NEW YORK (CNS) — A high IQ is not a prerequisite for seeing “Central Intelligence” (Warner Bros.). What this dimwitted action comedy demands instead are stamina and perseverance.
Yet another entry in the long roster of buddy films, as directed and co-written by Rawson Marshall Thurber, “Central Intelligence” aims high with a pair of oversized (if physically mismatched) talents, comedian Kevin Hart and wrestler-turned-actor Dwayne Johnson.
Unfortunately, generous servings of violence, crude language and sex jokes leave a bad taste in moviegoers’ mouths, with the result that this odd-couple pairing soon wears out its welcome.
The sliver of a plot revolves around a 20-year class reunion at generic Central High School. Voted “most likely to succeed,” Calvin (Hart), did no such thing. He’s stuck in a mundane accounting job, and his marriage to Maggie (Danielle Nicolet), the sweetheart of his youth, is on the rocks.
Unable to face his classmates, Calvin opts to avoid the party. Until, that is, he receives an unexpected call from Bob (Johnson).
Mercilessly bullied as a student for being an overweight geek — mistreatment that forced him to drop out — Bob has not only grown up, he’s buffed up. He’s now a muscle-bound Adonis and ladies’ man.
“I hope he’s Catholic!” one drooling admirer says. (Later, the church comes in for less benign ribbing with a joke that plays, briefly, on the clergy abuse scandal.)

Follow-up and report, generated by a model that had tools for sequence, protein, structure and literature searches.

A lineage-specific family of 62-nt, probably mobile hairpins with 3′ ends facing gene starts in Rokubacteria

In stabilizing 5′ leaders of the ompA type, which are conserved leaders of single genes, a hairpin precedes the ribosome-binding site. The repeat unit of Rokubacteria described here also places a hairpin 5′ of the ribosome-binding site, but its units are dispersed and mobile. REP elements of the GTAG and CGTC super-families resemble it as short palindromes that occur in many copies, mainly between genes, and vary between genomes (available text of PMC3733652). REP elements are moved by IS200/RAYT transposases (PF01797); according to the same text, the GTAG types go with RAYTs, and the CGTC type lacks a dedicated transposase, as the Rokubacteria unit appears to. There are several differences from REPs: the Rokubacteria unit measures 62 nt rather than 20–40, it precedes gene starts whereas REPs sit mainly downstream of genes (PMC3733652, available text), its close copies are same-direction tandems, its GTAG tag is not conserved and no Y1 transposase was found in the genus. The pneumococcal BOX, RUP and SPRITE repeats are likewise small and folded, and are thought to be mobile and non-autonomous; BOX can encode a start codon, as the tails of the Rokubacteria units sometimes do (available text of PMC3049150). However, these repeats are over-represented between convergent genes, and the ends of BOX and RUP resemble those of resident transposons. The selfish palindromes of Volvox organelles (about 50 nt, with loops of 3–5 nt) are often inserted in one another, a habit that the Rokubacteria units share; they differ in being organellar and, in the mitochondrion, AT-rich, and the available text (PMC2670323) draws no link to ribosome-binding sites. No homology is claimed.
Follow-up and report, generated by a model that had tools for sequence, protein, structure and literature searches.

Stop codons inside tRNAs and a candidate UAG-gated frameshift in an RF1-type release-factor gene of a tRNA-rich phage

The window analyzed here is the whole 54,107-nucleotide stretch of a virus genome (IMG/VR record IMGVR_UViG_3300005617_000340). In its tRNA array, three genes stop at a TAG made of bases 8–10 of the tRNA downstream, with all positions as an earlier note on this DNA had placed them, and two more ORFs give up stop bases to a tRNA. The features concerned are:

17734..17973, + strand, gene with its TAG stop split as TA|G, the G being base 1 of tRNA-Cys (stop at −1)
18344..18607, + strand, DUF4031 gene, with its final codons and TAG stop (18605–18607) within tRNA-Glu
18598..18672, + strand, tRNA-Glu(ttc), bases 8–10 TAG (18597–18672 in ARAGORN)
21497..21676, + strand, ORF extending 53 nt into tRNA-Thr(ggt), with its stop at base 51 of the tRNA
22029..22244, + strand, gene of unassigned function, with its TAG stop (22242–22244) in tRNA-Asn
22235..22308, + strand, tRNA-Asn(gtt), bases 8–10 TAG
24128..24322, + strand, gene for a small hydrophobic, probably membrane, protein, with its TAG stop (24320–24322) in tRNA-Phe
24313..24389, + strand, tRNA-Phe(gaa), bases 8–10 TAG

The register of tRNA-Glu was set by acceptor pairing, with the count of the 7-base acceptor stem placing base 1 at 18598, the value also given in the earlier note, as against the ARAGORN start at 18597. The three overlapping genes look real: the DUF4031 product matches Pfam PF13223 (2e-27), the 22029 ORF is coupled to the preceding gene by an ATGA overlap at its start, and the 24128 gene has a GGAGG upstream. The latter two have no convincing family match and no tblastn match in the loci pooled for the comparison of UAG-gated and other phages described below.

In high school, Calvin took pity on Bob, and now Bob returns the favor. But the former wimp, it turns out, has more on his mind than friendship.
Bob is a lethal CIA agent on a secret mission to — what else? — save the world. And he needs Calvin’s accounting prowess to unlock stolen encryption codes.
Before you can say, “You’ve got to be kidding,” this distinctly undynamic duo is running for their lives while chasing an elusive enemy known as the “Black Badger.”
Amid the mindless silliness, “Central Intelligence” — scripted by Thurber in collaboration with Ike Barinholtz and David Stassen — does impart a strong message about bullying. That might have served adolescent viewers well. But the low tone throughout, as well as the specific elements listed below, strictly preclude endorsement for youngsters.
The film contains action violence and gunplay, rear male nudity, much sexual humor and innuendo, an anti-Catholic slur and occasional profane and crude language. The Catholic News Service classification is A-III — adults. The Motion Picture Association of America rating is PG-13 — parents strongly cautioned. Some material may be inappropriate for children under 13.
McAleer is a guest reviewer for Catholic News Service.